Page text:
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Persistent sore throat may be a warning sign for laryngeal cancer, study suggests

BMJ 2019; 364 doi: (Published 29 January 2019) Cite this as: BMJ 2019;364:l435

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Re: Persistent sore throat may be a warning sign for laryngeal cancer, more likely to be a "Throat Cancer" - Oropharynx or Hypopharynx

Dear Editor,

The head and neck clinicians are grateful to Shephard E et al for their recent publication on “recognising laryngeal cancer in primary care”. [1] The incidence of laryngeal cancer in the UK has declined by nearly 20% but has levelled off since 2002. [2]. This decline is considered to be linked with the reduction in smoking rather than alcohol. [3]

Shephard et al [1] it is unclear which symptoms from the “disparate range” reported in previous research are associated with laryngeal cancer in primary care. The larynx has three anatomical sub-sites : the glottis or vocal cords – involved in vocalisation resulting in constant hoarseness [4], the supraglottic – above the vocal cords – involved in laryngeal protect (solids and fluids) and maintaining an airway. The third - subglottis rarely involved in primary cancer.[5]

Analysis of laryngeal cancer in England/Wales 2013 – 2014 [6] allowed for 1051 to be studied; 844 early stage disease (T1/T2NO) – glottic 774 (>90%) and supraglottic 70 – the majority presented with hoarseness, and <10% had other symptoms. The advanced stage disease (T3/4 N0 – N+) was recorded in 607; glottic involvement was T3N0 167 and T40 99 = 266/378 – 70.2% would have hoarseness. The remaining advanced glottic had hoarseness and a neck mass (104/378) - 27.5% whereas (136/229) 59% advanced supraglottic had a palpable neck mass in (136/229) 59% and the remainder (31/229) 13.5% would have presented with non-specific throat symptoms.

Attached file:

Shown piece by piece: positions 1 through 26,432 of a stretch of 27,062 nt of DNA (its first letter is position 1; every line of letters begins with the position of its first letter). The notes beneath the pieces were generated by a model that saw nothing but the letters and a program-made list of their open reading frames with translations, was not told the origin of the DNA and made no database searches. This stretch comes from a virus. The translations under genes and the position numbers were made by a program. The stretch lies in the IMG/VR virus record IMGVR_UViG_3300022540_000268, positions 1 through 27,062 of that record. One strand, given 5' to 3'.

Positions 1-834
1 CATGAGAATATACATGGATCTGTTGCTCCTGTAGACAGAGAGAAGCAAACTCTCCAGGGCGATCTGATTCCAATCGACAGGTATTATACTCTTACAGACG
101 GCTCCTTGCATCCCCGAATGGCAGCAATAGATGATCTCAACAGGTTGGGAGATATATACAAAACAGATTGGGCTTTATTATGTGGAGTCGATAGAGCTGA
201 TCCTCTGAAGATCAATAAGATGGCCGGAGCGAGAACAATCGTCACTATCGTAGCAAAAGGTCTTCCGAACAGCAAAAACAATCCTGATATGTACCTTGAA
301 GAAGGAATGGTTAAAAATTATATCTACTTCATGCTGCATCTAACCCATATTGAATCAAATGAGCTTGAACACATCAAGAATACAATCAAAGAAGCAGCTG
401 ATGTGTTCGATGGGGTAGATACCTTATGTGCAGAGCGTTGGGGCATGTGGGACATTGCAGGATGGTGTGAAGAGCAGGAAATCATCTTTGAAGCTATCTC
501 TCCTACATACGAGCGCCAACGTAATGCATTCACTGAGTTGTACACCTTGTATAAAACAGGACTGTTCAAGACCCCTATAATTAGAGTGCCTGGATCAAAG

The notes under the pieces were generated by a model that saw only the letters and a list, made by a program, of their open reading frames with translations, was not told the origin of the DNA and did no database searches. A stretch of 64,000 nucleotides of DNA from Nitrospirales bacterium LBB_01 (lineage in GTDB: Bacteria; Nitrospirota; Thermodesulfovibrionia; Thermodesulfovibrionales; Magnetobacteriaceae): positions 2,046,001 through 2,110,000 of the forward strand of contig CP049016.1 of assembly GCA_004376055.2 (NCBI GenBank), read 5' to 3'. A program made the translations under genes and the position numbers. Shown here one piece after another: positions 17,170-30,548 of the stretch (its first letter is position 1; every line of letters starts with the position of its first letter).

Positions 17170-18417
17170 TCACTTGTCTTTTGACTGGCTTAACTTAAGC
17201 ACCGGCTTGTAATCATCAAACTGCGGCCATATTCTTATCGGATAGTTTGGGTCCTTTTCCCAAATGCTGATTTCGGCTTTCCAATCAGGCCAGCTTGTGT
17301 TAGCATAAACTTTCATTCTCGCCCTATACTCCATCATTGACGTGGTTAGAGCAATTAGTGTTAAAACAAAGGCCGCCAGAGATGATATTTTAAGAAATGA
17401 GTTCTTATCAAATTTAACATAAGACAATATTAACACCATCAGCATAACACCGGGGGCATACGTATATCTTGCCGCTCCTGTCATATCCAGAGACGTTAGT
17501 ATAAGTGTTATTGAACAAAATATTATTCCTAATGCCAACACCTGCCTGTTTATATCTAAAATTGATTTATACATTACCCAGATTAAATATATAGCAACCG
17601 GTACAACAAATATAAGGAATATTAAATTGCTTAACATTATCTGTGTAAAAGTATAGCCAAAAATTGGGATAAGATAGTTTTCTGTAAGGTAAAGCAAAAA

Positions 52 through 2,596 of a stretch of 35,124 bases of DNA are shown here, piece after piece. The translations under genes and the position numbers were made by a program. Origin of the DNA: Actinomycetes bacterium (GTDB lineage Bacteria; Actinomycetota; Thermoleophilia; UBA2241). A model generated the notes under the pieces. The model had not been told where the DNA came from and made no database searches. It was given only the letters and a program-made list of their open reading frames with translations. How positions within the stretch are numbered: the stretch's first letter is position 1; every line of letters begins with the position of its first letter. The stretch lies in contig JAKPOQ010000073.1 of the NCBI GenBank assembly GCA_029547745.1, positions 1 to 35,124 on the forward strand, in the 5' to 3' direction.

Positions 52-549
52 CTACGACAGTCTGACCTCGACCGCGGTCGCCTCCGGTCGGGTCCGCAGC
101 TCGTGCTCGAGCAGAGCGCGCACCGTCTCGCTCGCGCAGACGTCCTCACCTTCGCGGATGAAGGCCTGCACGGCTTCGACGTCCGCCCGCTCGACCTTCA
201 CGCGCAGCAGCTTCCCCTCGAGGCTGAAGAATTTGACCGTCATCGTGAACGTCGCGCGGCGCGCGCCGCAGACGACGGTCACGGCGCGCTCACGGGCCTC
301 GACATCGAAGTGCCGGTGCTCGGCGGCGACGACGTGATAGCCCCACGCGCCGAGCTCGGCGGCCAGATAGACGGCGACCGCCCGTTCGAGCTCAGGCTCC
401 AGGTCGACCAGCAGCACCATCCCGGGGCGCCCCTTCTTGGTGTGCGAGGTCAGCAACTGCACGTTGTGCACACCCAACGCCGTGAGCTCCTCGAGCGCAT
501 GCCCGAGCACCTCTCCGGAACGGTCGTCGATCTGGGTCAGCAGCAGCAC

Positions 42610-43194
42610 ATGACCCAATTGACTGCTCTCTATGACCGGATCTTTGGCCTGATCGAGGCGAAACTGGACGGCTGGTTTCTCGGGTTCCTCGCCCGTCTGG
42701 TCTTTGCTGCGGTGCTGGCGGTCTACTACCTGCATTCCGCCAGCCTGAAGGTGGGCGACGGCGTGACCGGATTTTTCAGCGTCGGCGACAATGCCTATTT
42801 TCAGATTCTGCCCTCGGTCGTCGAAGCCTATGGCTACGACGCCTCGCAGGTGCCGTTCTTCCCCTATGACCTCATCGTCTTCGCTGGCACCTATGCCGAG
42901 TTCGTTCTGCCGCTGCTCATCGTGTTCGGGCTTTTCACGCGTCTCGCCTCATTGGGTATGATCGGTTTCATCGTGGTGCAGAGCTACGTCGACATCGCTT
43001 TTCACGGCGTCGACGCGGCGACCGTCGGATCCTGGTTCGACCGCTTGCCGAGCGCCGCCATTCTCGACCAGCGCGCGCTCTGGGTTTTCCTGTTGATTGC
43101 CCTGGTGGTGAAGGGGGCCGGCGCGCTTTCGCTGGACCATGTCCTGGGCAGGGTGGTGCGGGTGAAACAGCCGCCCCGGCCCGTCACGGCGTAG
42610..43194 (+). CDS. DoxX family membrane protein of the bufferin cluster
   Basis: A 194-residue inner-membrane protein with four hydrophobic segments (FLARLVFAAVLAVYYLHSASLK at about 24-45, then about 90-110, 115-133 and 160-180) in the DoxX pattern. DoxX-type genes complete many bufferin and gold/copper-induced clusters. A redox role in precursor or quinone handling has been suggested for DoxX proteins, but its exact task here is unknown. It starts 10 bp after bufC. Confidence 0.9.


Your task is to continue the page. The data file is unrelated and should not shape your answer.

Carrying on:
A diagnosis of laryngeal cancer can only be made by inspection of the larynx and confirmed by tissue biopsy reported by a histopathologists confirming a malignant process most commonly squamous cell carcinoma. A patient who present with throat pain without any hoarseness should be referred to a head and neck clinic as a suspected “throat cancer” as pain alone or with a neck mass is more suggestive that the primary malignancy is located in the oropharynx/ hypopharynx or the supraglottic.

To conclude: patients who have persistent throat symptoms are best referred sooner than later, and more so men who are or have been smokers!

1. Shephard E A, Parkinson MAL, Hamilton W T Recognising laryngeal cancer in primary care. Br J Gen Pract 2019; DOI:
2. Cancer Research UK. Cancer statistics for the UK [Internet}. [cited 2019. Feb 12]. Available from:
3. Thomas S J, Penfold C M, Waylen A, Ness A R., The changing aetiology of head and neck squamous cell cancer: A tale of three cancers?
4. Tikka T, Pracy P, Paleri V., Refining the head and neck guidelines referral guidelines: a two-centre analysis of 4715 referrals. Clin Otoaryngology 2016;41(1):66 - 75
5. Brierley J D, Gospodarowicz M K, Wittekind C., TNM Classification of malignant tumours, Union for International Cancer Control (UICC). 8th Edition. Larynx p31 – 35. Wiley Blackwell 2017.
6. DAHNO 10th Report 2014 National Head and Neck Cancer Audit 2014, Health and Social Care Information Centre, National Head and Neck Audit.

Competing interests: No competing interests

12 February 2019
Patrick J Bradley
Emeritus Honorary Professor of Head and Neck Oncologic Surgery
Nottingham University Hospital
Queens Medical Centre Campus, Nottingham NG7 2UH